Participants underwent cognitive assessments, olfactory tests, and mental health evaluations at the beginning of the study and after 6 months. Cognitive assessments included tasks to evaluate memory, working memory, attention, and other cognitive functions. Olfactory tests measured the participants’ olfactory identification, discrimination, and threshold abilities.
MRI scans were conducted on participants to assess brain changes associated with olfactory enrichment. Diffusion-weighted imaging (DWI) was used to examine white matter pathways relevant to olfaction and memory, such as the uncinate fasciculus and the hippocampal cingulum.
The findings indicated significant improvements in verbal learning and memory performance among enriched participants compared to controls. The improvement was particularly evident in the Rey Auditory Verbal Learning Test (RAVLT), which assesses verbal learning and memory. The enriched group showed a significant 226% difference in performance compared to controls on the last learning trial.
“Too little older stimulation causes the memory centers of the brain to deteriorate,” Leon told PsyPost. “Both olfaction and memory begin to decline after the age of 60. Extra odor stimulation improves memory in older adults.”
Furthermore, the study found changes in the mean diffusivity of the left uncinate fasciculus. The uncinate fasciculus is a specific pathway that connects two important areas of the brain: the amygdala and the prefrontal cortex. The amygdala is involved in processing emotions, while the prefrontal cortex is responsible for decision-making and other complex thinking tasks.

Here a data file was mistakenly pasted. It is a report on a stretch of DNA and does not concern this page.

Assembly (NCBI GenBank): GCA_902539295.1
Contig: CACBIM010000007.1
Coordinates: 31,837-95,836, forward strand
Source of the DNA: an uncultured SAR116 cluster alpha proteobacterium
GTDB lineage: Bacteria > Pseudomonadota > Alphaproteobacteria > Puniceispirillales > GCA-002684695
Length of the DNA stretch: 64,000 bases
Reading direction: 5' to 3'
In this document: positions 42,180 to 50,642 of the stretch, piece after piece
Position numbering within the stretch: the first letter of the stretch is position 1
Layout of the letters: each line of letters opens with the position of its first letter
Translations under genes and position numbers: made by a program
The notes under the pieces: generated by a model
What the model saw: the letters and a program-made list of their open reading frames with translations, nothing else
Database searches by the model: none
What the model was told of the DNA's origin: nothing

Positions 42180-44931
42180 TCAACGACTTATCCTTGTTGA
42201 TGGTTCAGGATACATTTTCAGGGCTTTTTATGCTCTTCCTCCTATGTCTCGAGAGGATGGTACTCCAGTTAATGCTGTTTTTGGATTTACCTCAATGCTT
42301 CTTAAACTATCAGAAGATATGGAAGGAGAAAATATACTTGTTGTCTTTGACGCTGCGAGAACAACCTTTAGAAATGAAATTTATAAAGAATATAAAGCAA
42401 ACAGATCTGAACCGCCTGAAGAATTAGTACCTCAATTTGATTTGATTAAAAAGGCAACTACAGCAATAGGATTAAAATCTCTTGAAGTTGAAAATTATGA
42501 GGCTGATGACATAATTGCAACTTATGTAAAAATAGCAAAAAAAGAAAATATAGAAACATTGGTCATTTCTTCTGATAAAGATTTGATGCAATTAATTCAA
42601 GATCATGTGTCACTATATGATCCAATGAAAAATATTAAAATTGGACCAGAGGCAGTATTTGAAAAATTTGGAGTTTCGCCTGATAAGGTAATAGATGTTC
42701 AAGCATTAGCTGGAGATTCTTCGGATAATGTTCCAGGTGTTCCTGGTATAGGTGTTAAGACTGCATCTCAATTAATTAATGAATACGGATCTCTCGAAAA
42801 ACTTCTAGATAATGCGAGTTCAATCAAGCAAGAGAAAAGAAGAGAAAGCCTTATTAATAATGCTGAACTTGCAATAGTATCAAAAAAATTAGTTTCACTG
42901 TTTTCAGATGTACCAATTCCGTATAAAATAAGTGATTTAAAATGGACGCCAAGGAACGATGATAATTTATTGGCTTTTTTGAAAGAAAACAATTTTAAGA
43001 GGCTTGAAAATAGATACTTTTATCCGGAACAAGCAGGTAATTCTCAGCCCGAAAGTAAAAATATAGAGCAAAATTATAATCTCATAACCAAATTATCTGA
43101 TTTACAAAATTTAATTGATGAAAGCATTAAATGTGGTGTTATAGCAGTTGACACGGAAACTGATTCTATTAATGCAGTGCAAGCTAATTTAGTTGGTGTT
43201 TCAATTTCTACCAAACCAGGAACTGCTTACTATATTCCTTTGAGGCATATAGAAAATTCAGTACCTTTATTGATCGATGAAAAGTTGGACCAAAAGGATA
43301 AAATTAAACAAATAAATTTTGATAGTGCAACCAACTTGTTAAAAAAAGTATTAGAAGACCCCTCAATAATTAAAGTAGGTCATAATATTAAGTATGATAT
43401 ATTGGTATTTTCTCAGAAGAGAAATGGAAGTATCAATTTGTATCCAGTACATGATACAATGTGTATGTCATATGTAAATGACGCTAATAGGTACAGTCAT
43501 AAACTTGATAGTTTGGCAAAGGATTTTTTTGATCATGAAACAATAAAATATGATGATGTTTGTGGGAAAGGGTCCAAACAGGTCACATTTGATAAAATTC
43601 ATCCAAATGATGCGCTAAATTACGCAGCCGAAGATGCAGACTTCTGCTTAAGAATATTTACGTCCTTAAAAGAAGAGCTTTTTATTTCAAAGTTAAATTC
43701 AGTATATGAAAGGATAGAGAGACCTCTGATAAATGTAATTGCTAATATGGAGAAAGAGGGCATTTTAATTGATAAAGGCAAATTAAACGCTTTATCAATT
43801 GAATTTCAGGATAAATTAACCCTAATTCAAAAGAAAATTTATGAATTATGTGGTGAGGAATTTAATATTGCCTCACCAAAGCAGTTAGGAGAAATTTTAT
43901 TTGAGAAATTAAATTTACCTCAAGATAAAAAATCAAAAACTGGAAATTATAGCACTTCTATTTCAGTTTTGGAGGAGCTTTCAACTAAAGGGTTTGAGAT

The changes in mean diffusivity suggest that olfactory enrichment had positive effects on neural pathways associated with memory and socio-emotional processing. This aligns with prior research showing that enrichment interventions can influence white matter diffusivity.
“We were surprised at how closely aligned the changes in memory and the brain were,” Leon said.
The study suggests that even minimal olfactory enrichment during sleep can effectively improve cognition and neural function, making it a potentially valuable and cost-effective approach, even for individuals with dementia. But the study only included a relatively small number of participants, which might not be representative of the entire population of older adults. In addition, the design of the study’s diffusion device allowed for the exposure to only one type of odorant each night.
“We need to replicate the findings with a larger number of people and with a larger number of odors,” Leon explained.
“As few people will give themselves 40 odors 2X each day, what seems to be optimal, we’ve designed a device that puts out that pattern of odor stimuli as you sleep, so no effort is involved in getting the stimulation that your brain needs,” he added. “Those interested in obtaining access to this device can sign up at www.memoryair.com.”
The study, “Overnight olfactory enrichment using an odorant diffuser improves memory and modifies the uncinate fasciculus in older adults“, was authored by Cynthia C. Woo, Blake Miranda, Mithra Sathishkumar, Farideh Dehkordi-Vakil, Michael A. Yassa, and Michael Leon.